Volunteer coach loves what he does

Mike VidakovichSpecial to the Post IndependentGlenwood Springs, CO Colorado
Kelley Cox Post Independent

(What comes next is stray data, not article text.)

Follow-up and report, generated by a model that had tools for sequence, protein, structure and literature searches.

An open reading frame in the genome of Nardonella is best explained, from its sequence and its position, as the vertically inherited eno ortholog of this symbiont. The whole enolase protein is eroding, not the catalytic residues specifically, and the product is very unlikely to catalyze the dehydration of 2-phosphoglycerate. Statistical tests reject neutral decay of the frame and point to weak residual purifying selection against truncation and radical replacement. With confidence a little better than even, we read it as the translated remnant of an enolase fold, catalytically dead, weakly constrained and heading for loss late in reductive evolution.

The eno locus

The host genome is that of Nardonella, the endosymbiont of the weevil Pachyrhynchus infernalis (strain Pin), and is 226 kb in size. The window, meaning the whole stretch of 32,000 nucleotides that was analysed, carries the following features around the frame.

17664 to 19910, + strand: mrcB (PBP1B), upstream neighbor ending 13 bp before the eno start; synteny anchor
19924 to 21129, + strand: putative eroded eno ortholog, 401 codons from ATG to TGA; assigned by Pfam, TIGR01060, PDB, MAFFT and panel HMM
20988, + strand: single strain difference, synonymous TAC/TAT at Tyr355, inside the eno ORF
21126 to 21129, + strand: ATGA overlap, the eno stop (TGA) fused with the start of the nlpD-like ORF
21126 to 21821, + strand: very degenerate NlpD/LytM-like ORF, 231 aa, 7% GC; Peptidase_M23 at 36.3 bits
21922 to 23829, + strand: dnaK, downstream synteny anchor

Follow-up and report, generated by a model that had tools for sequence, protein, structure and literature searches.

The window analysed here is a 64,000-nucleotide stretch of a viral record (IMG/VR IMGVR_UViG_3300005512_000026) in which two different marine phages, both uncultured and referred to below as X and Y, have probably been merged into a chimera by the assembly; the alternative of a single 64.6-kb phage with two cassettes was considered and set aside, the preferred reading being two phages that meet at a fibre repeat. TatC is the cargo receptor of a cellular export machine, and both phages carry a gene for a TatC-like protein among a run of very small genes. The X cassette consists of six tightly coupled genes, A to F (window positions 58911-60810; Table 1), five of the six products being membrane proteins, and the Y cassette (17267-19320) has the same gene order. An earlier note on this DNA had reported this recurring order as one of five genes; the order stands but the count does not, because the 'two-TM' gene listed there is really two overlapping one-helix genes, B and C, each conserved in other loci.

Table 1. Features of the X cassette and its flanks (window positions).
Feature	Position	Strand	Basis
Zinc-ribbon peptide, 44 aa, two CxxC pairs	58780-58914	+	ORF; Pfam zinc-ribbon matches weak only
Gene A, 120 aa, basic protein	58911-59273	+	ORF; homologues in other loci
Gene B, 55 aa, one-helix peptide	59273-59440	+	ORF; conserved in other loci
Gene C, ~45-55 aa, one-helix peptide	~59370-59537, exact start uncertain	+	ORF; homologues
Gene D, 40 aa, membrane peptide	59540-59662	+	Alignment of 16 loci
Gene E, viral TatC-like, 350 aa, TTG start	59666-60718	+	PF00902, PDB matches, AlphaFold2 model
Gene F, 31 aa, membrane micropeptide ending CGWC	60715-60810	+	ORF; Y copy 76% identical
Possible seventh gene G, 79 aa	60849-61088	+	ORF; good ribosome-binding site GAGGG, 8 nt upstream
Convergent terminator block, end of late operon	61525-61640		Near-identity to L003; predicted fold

CARBONDALE – When the Roaring Fork girls basketball team takes to the court following the holiday break, Larry Stangeland will be in his customary spot on the Ram bench with head coach Kirk Cheney and assistants Nancy Zeigel and Jennifer Hunt.Stangeland is in his fourth season at Roaring Fork High School as a volunteer assistant coach. He started helping with the girls program the same year that Cheney took over as head coach. Cheney is more than happy to have the extra help from someone as dependable as Stangeland.”He’s volunteered the last four years,” said Cheney, in a preseason interview. “He does so much for the kids and he won’t ever take a penny. Larry just loves being around the kids and the game.”Growing up in Starbuck, Minn., Stangeland says, “I started playing basketball when I was knee-high to a grasshopper.” Stangeland graduated from Starbuck High School in 1979, where he played on the school’s basketball and football teams as well as running cross country for two years.Coming out of high school, Stangeland’s basketball skills were good enough to help him make the team as a walk-on at Alexandria Technical College, a school just 30 miles north of his hometown.”They didn’t give athletic scholarships at Alexandria, so I decided to try out for the basketball team,” said Stangeland. “I walked into that gym on the first day and saw 68 other guys at open tryouts. I was plenty nervous, but I made the team and played both years I was there.”With Alexandria being a two-year school, Stangeland graduated in 1981 and was offered a job as a carpenter in Carbondale by Alexandria alumnus Wayne Rudd. Stangeland worked his way up to superintendent and now has his own construction company, Crystal Springs Builders, which he manages along with Mike Cerise.Stangeland has always stayed close to the game of basketball, whether it’s been playing town league hoops, or helping Cheney coach middle school boys basketball teams in the spring AAU circuit before they both made the move up to the high school ranks.Stangeland feels fortunate to be involved with the program at Roaring Fork. He enjoys the kids and the coaches he works with.”It’s been awesome working with this group of coaches,” he said. “The knowledge that Kirk (Cheney) brings to practice after all of those years being a referee. It’s interesting to see.”Speaking of practice, Stangeland is hoping the Ram team that he watches each day on the practice court, will bring that same performance level to every game this winter.”We need to get how we practice to carry over into the games. We still have a little difficulty doing that, but watching these girls mature over the years has been unbelievable,” said Stangeland.How this group of Rams will fare as the season plays out will be decided on the court, but it will have little to do with how Stangeland feels about them. He’s hoping they will still be playing in mid-March on a much bigger stage-the 3A state tournament in Ft. Collins.”I’d really like to see this senior class make it because they have worked so hard and have played together since middle school,” said Stangeland. “The respect they have for one another on the court in life in general is fun to watch.”

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